When Brad brought me that crate full of feral cats in exchange for my beautiful Amelia who laid blue eggs and whom Pearl ruthlessly beheaded, inwardly I scoffed at what was so obviously not a fair trade. They were beautiful cats. Absolutely beautiful. But wild. Completely wild. And then I got to work taming them down. I definitely had my doubts a time or two, especially when those blue-eyed banshees still weren’t even letting me see, much less touch, them a week later, and then more than a week. If I happened to catch one, they trembled pitifully and got all small and pathetic.
But then, finally, after many cans of cat food, Amelia (so named in honor of the deceased) actually approached my hand, and then – wonder of wonders! – she actually let me pet her. And purred. Once a cat purrs, you have her hooked. It was all clear sailing from there, and yesterday Amelia and Madeline had their first little taste of freedom when I let them outside. Today, it was hilarious watching them flit through the snow like delicate white wraiths, pouncing one another, climbing trees, scattering the snow under their tiny paws. Their clear blue stare is mesmerizing, even though Amelia is a little cross-eyed and it is hard to take her completely seriously.
I really expected these girls to tame down to no more than a passively amiable barn cat, one that wouldn’t run away but that wouldn’t be truly friendly. Well, they are two of the sweetest cats, and maybe the prettiest I’ve ever seen. So no, they won’t ever lay blue eggs but I’d say it was a more than fair trade.
We woke up to a snow globe outside our windows. An almost-windless, beautifully quiet, comfortable wintry day made chores pleasant and I couldn’t resist lugging my 15 pounds of camera and lens with me as I trudged around to the various critters. The chickens were extremely unimpressed, the chicks were even less so, the cats were divided, and the snow was lovely.
They called for a coating to an inch, but it hasn’t stopped snowing. And we are so thankful. This dry ground is so thirsty.
There is nothing quite like the transformation brought by a fresh snow. The delicate, mesmerizing whirlwind of white so exquisitely transforms the most drab, dreariest landscape, drought-parched though it may be, and turns the whole world outside into a thing of wondrous beauty. The trees are finally catching enough snow to be letting it go now and then in puffs of sparkling white. Footprints are getting made and filled in. Critters are hunkered down, and the world outside is peaceful and almost silent. Every dead flower head wears a funny little white hat, fence posts are capped in snow, and every once in awhile a gust sweeps the snow and the snowfall gets heavier, like someone shook the snow globe.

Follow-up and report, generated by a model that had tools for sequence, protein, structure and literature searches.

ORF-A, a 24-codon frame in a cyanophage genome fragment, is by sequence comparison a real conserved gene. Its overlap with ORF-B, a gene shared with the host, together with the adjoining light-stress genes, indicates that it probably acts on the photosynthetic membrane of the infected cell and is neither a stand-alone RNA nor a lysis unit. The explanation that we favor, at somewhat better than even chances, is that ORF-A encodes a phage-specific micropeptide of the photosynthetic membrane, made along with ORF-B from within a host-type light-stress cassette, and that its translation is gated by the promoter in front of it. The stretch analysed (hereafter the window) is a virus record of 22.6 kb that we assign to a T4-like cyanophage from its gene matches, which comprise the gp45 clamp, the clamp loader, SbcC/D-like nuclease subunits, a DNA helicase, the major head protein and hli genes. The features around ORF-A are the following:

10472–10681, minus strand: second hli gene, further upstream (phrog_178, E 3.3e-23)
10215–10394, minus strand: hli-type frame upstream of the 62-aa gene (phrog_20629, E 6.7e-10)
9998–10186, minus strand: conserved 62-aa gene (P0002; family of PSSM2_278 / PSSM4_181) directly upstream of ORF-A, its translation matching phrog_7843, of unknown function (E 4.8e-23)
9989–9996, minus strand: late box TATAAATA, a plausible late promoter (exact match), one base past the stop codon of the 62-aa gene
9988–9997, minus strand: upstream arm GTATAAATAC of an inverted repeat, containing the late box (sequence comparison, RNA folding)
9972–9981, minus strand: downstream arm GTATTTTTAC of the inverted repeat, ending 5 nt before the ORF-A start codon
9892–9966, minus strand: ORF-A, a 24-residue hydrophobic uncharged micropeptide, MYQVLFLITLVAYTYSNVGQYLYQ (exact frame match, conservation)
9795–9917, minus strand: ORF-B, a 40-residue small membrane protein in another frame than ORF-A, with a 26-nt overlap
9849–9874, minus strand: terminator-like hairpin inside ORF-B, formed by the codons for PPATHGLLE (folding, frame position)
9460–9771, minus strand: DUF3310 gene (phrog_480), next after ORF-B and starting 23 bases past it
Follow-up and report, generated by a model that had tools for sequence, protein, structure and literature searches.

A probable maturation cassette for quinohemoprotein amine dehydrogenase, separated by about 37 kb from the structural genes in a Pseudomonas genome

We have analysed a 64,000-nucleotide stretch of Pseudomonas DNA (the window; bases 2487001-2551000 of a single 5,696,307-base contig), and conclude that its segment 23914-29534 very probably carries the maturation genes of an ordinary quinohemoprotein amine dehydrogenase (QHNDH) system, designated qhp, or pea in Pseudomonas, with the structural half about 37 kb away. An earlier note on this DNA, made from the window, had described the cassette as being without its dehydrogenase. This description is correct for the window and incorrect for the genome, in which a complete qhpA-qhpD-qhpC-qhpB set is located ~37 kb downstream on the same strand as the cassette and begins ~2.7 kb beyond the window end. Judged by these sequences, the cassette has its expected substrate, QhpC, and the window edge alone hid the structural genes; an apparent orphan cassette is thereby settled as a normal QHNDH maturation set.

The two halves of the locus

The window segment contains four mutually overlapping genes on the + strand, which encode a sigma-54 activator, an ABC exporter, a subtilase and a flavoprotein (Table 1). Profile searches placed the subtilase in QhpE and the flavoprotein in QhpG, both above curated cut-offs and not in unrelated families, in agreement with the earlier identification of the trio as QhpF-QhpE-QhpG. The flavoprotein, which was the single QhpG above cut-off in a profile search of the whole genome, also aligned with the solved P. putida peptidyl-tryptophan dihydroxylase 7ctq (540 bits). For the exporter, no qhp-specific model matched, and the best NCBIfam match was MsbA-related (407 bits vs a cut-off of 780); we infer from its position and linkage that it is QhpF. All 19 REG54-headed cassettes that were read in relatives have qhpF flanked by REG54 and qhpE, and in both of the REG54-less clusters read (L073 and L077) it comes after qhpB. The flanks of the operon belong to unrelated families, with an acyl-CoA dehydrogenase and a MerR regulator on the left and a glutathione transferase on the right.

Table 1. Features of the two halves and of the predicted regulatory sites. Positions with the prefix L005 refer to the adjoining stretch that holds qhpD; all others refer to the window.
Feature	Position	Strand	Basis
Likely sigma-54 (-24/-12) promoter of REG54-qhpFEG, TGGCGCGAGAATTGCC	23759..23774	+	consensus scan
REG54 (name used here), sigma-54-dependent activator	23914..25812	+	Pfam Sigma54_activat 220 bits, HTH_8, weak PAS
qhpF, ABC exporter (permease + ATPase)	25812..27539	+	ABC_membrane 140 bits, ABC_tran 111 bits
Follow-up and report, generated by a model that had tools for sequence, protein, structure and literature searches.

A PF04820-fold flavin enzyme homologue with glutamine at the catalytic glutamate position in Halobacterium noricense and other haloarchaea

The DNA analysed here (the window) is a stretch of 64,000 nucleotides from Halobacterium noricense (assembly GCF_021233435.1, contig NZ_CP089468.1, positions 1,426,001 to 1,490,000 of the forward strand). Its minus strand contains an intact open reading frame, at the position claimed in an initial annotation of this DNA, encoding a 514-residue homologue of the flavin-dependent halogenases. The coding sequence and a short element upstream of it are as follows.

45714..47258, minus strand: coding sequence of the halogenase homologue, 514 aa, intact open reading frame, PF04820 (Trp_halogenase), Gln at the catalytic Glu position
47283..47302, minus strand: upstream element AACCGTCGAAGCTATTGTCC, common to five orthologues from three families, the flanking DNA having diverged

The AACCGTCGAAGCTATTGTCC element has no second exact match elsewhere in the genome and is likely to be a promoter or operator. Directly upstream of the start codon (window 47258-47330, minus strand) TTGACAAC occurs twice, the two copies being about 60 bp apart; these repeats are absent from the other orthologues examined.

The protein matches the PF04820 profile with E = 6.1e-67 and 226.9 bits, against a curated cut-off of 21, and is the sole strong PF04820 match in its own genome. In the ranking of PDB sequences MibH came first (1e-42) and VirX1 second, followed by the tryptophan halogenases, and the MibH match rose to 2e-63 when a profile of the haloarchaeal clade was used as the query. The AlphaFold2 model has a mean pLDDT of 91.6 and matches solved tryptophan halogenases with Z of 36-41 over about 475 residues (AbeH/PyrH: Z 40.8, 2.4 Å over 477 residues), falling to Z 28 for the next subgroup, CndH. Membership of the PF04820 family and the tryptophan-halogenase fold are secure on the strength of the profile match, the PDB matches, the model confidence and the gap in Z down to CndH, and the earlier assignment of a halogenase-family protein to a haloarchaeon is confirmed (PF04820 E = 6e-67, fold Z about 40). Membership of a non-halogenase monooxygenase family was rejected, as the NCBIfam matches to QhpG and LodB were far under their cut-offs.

I am so glad to live where there is such a thing as snow.
All summer long, we race against the clock to beat the heat of the day in whatever project it is we are working on. We freeze old apple juice bottles full of water to take with us when we head out in the morning, and drink greedily from them as the day heats up, wearily wishing for the heat to lessen. It doesn’t. Until the autumn months begin to slip by, and then that first real cold snap does it. You wake up in the morning and see 7 degrees plain as plain on the thermometer and start shivering sympathetically.
The cold sets in and complicates the simplest of tasks. Whether it is snow, or a particularly heavy frost, or just bitter, biting cold and the requisite South Dakota winds, impending winter is a force to be reckoned with. And when I say it complicates the simplest of tasks, I truly mean that. In warm weather, we can bounce out the door in the morning as quickly as it takes to put on a pair of boots and grab a hat. The colder it gets, the longer it takes. It gets a little brisk, and now you’re finding a jacket and a scarf. Then it’s a jacket under a heavier coat. Then coveralls. Then a warmer hat, maybe even a ski-mask type hood under the hat. Then it’s remembering to put on long underwear first thing, and nice, thick wool socks. Then, at that point, it honestly feels like you’re wearing the entire coat closet plus some after 15 minutes of buttoning and wrapping and layering, and the inevitable strip down for that irritating search for a forgotten or misplaced item that you only remembered after buttoning the final button on your coat, or the sudden need to “get rid of some coffee” as some might say.
Now, finally, you’re out shuffling the door feeling rather like a spring-loaded marshmallow and can stumble through the seasonal comedy of chores, encumbered by the entire coat closet, fumbling with gate chains and lids and dropping stuff from mittened fingers, snagging gloves and coat and hat on this, that, and the other thing, remembering – oh so fondly – when these little tasks were simple, you know, just two weeks ago, but which have by degrees become more difficult. Pun intended.